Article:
CALERA, Ala. (WIAT) – The Calera Planning Commission decided to hold off on approving development of another neighborhood after a strong community turnout at its meeting Tuesday night.
Residents voiced concern of ongoing traffic issues in the community. Calera is almost halfway between Montgomery and Birmingham, so many people commute to their jobs from here and worry that bringing hundreds of more families could make it worse.
Potential development of the Aberdeen neighborhood would bring about 670 new homes across from Calera Middle School on County Road 22.
“I can’t leave any earlier,” resident Jessica Sheffield said. “My kids get on the bus at 7:12 a.m. so I leave once they get on the bus and I’m sure a lot of parents have that same scenario.”
It’s the potential of more traffic buildup to get to I-65 each morning that has Jessica Sheffield concerned. She said her drive is only about two miles but can take anywhere from 10 to 30 plus minutes each morning.
“We need these roads widened and then we’ll welcome the growth,” Sheffield said.
According to city leaders, most of the roads are owned by Shelby County or the state – so they don’t have the authority to fix them.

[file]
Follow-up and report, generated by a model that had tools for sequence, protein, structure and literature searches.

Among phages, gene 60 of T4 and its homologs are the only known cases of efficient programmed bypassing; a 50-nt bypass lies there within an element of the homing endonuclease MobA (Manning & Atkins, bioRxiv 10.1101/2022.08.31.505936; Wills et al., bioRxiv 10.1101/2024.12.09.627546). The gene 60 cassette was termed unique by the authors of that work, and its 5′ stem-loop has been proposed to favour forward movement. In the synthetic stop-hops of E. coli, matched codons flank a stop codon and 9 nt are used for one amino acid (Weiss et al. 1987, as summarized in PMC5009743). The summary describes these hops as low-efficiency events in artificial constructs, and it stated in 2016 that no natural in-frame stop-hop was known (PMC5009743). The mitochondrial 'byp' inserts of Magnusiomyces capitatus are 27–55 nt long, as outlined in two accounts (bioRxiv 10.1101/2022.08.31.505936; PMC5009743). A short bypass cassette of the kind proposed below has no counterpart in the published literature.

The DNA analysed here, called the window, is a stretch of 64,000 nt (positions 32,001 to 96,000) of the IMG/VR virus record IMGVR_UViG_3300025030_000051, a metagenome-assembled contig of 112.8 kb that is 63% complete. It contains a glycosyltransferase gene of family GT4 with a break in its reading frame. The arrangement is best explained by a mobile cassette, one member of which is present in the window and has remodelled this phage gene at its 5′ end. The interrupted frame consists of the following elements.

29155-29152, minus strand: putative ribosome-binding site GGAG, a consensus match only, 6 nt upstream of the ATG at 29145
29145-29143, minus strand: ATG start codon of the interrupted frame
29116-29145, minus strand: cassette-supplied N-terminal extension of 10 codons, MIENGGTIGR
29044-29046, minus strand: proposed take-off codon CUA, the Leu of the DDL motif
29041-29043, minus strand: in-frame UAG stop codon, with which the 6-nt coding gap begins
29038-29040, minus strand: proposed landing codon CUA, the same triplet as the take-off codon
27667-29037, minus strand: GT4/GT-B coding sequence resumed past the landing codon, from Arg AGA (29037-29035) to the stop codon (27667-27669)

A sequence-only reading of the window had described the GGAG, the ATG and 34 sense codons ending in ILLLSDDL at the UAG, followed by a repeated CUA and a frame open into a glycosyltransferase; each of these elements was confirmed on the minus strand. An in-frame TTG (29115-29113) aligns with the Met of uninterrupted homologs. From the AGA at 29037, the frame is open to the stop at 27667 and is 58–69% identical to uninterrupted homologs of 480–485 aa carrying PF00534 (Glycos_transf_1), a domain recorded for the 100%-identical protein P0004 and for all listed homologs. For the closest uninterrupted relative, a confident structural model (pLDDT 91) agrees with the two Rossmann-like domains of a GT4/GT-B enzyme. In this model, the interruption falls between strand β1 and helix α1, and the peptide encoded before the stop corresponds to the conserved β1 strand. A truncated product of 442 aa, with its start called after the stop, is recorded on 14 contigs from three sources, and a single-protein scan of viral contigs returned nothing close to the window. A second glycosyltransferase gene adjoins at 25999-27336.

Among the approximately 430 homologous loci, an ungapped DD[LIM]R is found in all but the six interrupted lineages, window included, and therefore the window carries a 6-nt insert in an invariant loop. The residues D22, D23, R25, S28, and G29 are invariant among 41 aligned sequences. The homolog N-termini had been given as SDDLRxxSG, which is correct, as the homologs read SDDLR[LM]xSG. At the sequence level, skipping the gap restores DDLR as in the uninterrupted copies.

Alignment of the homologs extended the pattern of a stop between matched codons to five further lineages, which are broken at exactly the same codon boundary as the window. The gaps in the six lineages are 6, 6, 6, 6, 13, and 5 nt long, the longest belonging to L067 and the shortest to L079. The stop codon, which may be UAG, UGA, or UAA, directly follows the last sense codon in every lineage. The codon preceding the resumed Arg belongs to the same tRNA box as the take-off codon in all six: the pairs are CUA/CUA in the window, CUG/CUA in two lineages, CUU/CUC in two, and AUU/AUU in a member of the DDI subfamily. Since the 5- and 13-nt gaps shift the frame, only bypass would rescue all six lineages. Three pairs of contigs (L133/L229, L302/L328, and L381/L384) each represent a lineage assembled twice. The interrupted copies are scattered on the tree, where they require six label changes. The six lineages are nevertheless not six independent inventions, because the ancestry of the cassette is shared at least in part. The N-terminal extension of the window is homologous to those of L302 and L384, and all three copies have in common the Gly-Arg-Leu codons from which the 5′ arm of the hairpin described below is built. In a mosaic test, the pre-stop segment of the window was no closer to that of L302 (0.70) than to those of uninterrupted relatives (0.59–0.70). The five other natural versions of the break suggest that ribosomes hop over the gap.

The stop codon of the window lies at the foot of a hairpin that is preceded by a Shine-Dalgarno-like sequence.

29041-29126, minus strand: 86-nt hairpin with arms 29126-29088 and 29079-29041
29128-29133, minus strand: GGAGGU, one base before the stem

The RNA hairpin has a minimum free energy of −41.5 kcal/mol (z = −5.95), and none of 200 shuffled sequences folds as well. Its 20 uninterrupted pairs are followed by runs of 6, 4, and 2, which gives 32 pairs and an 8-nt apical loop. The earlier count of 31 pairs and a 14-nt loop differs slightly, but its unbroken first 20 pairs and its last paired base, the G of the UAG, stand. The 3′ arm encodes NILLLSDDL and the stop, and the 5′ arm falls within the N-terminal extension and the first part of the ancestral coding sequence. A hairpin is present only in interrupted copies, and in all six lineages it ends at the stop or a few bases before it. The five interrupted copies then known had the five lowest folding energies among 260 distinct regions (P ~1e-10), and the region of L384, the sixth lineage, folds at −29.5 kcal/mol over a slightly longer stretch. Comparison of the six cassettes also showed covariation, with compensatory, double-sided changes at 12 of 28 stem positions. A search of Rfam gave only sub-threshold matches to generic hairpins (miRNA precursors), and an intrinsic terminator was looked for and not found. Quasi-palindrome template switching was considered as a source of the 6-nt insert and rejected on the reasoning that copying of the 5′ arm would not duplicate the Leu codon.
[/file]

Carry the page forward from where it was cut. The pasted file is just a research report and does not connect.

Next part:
“The sad thing about road construction is it’s like schools, i’s reactionary,” City Engineer Chris Pappas said. “You’ve got a limited amount of money and a lot of projects that need to be done.”
Pappas said city council approved the Aberdeen neighborhood in 2008, but the plans changed a bit for fewer homes earlier in 2021.
“It’s not like we were out asking them ‘hey we’re ready for you to come build this’ but it’s their property and it’s zoned, so they met those requirements,” Pappas said.
Residents said they welcome growth, but only if the city has the right infrastructure to handle it.
“We would love for Calera to grow but you’ve gotta do it the right way,” Sheffield said. “You gotta expand the infrastructure and the roads before you add the people because once the people are here it’s 10 times harder to do those road improvements.”
The planning commission decided to table the decision Tuesday until the city attorney can tell them if the council must see the new plans for the neighborhood or not.
City leaders encourage residents concerned about traffic to contact county and state leaders to voice their concern.